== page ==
Motor design also impacts actuator life. Most actuators currently used on electrified vehicles use traditional contact brush-based DC motors. But the brushes eventually wear out ̶ much too soon for the extended use that the transit designers are projecting. A better alternative is to replace the brushes with an electromagnetic field, which removes the contact brushers entirely and can last virtually forever. There will, of course, be some wear on bearings or other parts of the motor, but the longevity then does not depend on brush life.
The long-life, robust Electrak® HD actuator from Thomson is designed to handle up to one million cycles at its rated max load.
A brushless DC motor also requires a slightly different user interface and will help control braking in pantograph operation.
In a pantograph, the actuator is working against a spring. In one direction, it is the opposing force; in the other direction, it is an assisting force. An opposing spring provides stable, more controlled speed in one direction. An assisting spring, on the other hand, allows a more free-wheeling operation that must be controlled. Typically, the speed is controlled with a friction brake when the spring is assisting. In the case of extended use, the friction brake will wear down and limit the life of the actuator.
Along with an upgraded motor, this new actuator solution features an upgraded ball screw design, an electromagnetic load holding brake and an integrated electric motor control. This better approach uses the brushless motor to control the speed and an electromechanical brake to hold the load in place once the actuator stops. Actuators used in public transit applications are already subject to health and safety regulations, but expanded use will bring greater improvements there as well. Where vehicles in less-frequent operation might be able to use a lower ingress protection level such as IP65 on current solutions, expanded operation of a train moving at 100 kilometers an hour would result in greater exposure to environmental forces and would likely require a higher protection level. Likewise, operation in seaside communities would have greater exposure to corrosion in salt air, likely IP66 or even IP69K. These factors, combined with stringent public safety standards preventing use of toxic materials, are driving actuator suppliers to make certain that the materials and sealing strategies they use will provide safe performance for the 20 or 30 years that the vehicles themselves may last.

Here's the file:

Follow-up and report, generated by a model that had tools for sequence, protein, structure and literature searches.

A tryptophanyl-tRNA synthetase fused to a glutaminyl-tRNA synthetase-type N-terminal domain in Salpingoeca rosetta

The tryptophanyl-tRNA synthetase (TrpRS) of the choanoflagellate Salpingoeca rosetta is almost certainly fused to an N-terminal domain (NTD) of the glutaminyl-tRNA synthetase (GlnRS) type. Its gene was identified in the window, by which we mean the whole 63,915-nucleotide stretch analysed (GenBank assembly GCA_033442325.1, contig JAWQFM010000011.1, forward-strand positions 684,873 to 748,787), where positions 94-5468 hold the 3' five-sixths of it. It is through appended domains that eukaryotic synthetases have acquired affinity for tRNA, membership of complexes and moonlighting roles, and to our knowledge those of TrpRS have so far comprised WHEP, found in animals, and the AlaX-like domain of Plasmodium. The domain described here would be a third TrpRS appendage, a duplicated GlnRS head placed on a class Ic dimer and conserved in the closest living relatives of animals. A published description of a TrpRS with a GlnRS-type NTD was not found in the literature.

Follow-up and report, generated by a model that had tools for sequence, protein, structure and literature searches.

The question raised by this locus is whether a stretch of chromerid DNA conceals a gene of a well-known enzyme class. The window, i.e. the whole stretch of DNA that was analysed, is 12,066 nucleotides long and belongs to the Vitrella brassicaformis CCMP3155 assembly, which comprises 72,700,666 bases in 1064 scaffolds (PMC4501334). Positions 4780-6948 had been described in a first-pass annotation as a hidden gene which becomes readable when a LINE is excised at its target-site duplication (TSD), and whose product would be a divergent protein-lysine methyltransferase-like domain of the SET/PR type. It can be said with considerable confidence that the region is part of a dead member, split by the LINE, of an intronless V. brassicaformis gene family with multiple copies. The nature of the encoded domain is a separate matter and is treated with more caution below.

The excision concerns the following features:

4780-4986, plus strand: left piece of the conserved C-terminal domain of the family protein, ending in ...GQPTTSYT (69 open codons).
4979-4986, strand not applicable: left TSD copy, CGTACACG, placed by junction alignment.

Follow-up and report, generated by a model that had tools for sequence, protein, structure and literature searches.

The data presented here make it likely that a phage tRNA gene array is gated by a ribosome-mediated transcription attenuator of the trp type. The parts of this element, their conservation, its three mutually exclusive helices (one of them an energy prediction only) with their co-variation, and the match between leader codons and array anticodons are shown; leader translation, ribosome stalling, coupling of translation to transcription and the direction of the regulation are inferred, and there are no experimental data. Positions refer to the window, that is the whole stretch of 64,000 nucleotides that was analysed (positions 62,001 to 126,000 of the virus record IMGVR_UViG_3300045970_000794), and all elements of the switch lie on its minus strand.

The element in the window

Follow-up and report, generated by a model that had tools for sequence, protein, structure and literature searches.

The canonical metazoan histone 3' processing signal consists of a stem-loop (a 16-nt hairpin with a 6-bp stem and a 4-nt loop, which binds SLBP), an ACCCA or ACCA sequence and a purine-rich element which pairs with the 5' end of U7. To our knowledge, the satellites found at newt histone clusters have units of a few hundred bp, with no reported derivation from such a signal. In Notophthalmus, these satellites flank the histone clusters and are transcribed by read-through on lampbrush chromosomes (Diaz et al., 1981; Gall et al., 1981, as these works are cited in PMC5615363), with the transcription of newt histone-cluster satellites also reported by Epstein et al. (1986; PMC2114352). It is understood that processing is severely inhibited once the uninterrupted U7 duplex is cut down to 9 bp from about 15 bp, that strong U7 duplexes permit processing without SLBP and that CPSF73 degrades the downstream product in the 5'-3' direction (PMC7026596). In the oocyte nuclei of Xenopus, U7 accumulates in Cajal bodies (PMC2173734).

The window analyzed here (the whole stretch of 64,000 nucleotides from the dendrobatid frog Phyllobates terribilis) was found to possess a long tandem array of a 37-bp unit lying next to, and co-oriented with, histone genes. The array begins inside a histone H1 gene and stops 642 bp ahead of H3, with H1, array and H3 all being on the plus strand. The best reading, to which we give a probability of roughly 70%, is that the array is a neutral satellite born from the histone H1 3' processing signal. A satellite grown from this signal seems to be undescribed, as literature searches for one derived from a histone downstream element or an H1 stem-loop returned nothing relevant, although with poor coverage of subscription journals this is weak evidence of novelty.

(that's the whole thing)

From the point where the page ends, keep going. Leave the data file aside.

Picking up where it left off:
What’s coming down the road?
In today’s transportation applications, actuators primarily provide the switching function, something they will continue to do. But switching requires some onboard electronics, which enables actuators to communicate with each other and with other devices, providing operators with information such as feedback on the position of the pantograph and creating the need for actuators to evolve.
Although actuators used for charging stations are among the first components that must be upgraded to accommodate extended ridership and expanded electrification, other suitable actuator applications may soon follow, including door operation, step levelling, rail car connecting, and gap control for safe and easy passenger access. Until today these applications have primarily been managed by pneumatic or hydraulic actuators, but with increased cycles and the requirement for more efficient and robust components, engineers should consider the more aptly suited electromechanical actuators for their designs.